The point to ponder here is not how will women benefit, but what those benefits are. If it fails, so be it. If it succeeds and let’s say more women enter the workforce, then the impact will be felt across society, both socially and economically.
We Indians are brainwashed to accept any capitalistic decision, such as a hike in train fares due to the rise in crude oil prices. The people have absolutely no idea about how much all the companies involved in the production and distribution of the fuel are making in the process. We accept that the crude prices have gone up as if it’s a natural phenomenon. You’ll never hear any news anchor screaming over the fact that oil prices are arbitrarily decided by OPEC and diesel prices are decided by Indian oil companies to maximise their profits. But when it comes to a ‘government’ offering to take a little burden off women, the right-wing mainstream and the social media turn into a lynch mob.
Another interesting observation is that in January 2019, Delhi Metro Rail Corporation had proposed the privatisation of two of its lines. With this policy, Kejriwal has most likely derailed DMRCs privatisation bid since this subsidy will bring a higher amount of scrutiny in the operations of the corporation. This probably is another reason why the right-wing party is fuming over the policy. What if women in other BJP run states like Maharashtra start demanding this subsidy? If the women of Mumbai began making such a demand, will Reliance (Mumbai Metro) fight back or succumb to the public pressure? This could pretty much explain the verbal assault launched by the news media channels on this subsidy scheme.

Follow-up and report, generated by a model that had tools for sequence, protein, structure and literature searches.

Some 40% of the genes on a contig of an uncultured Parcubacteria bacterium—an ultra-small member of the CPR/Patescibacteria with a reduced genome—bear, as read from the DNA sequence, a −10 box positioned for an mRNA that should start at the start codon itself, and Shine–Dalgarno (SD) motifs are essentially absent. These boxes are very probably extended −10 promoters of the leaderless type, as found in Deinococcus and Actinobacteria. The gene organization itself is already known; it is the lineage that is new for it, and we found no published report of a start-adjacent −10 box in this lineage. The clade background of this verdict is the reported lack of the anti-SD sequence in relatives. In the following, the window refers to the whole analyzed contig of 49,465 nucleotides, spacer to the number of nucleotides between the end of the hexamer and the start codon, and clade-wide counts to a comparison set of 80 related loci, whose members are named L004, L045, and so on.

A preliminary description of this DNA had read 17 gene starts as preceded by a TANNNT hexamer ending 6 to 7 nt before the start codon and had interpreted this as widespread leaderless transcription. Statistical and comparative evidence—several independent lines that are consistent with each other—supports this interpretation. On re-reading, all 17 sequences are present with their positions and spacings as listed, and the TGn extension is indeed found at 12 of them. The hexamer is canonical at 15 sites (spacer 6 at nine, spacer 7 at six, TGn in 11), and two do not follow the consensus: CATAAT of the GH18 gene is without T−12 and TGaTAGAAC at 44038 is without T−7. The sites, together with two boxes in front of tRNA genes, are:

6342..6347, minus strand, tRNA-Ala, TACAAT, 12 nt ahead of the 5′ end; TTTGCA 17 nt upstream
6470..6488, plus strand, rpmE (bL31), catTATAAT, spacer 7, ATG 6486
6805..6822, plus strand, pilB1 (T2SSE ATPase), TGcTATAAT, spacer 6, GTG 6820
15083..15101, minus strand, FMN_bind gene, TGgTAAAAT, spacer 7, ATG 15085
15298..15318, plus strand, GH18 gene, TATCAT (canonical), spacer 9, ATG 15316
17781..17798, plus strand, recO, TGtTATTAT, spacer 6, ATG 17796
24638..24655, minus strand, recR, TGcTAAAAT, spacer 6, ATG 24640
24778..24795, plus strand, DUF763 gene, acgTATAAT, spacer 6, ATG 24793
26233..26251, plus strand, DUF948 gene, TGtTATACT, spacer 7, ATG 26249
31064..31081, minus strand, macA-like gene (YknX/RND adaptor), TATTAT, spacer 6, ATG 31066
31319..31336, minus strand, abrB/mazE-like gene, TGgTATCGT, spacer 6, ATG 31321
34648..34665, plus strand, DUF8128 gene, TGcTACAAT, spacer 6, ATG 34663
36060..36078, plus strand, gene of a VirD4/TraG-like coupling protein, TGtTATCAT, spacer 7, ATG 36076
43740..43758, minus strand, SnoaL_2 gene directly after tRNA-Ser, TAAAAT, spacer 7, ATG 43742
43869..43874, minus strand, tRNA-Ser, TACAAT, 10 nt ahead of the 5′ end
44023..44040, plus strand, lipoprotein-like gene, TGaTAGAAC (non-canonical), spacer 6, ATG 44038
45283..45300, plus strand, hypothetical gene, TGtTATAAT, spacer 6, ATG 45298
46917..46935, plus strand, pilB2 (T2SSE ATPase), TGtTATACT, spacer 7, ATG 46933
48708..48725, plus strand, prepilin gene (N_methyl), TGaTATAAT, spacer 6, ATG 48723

Uber and Ola are also victims of this scheme. While men are comfortable sitting with strangers in a shared taxi, women usually travel alone. Therefore, these taxi services will likely lose a not-so-small yet significant chunk of business.
The bottom line is that the Delhi Government’s decision is in line with Nehruvian socialism. Although it’s radically different from Punjab’s policy of free education, both will help in solving the problems faced by women which are unique to the State. The larger issue is that a majority of women are still treated like property/second class citizens in India, and there is no single solution to this problem. Let us allow the Delhi government to try something different for women empowerment, and perhaps it can actually make a difference.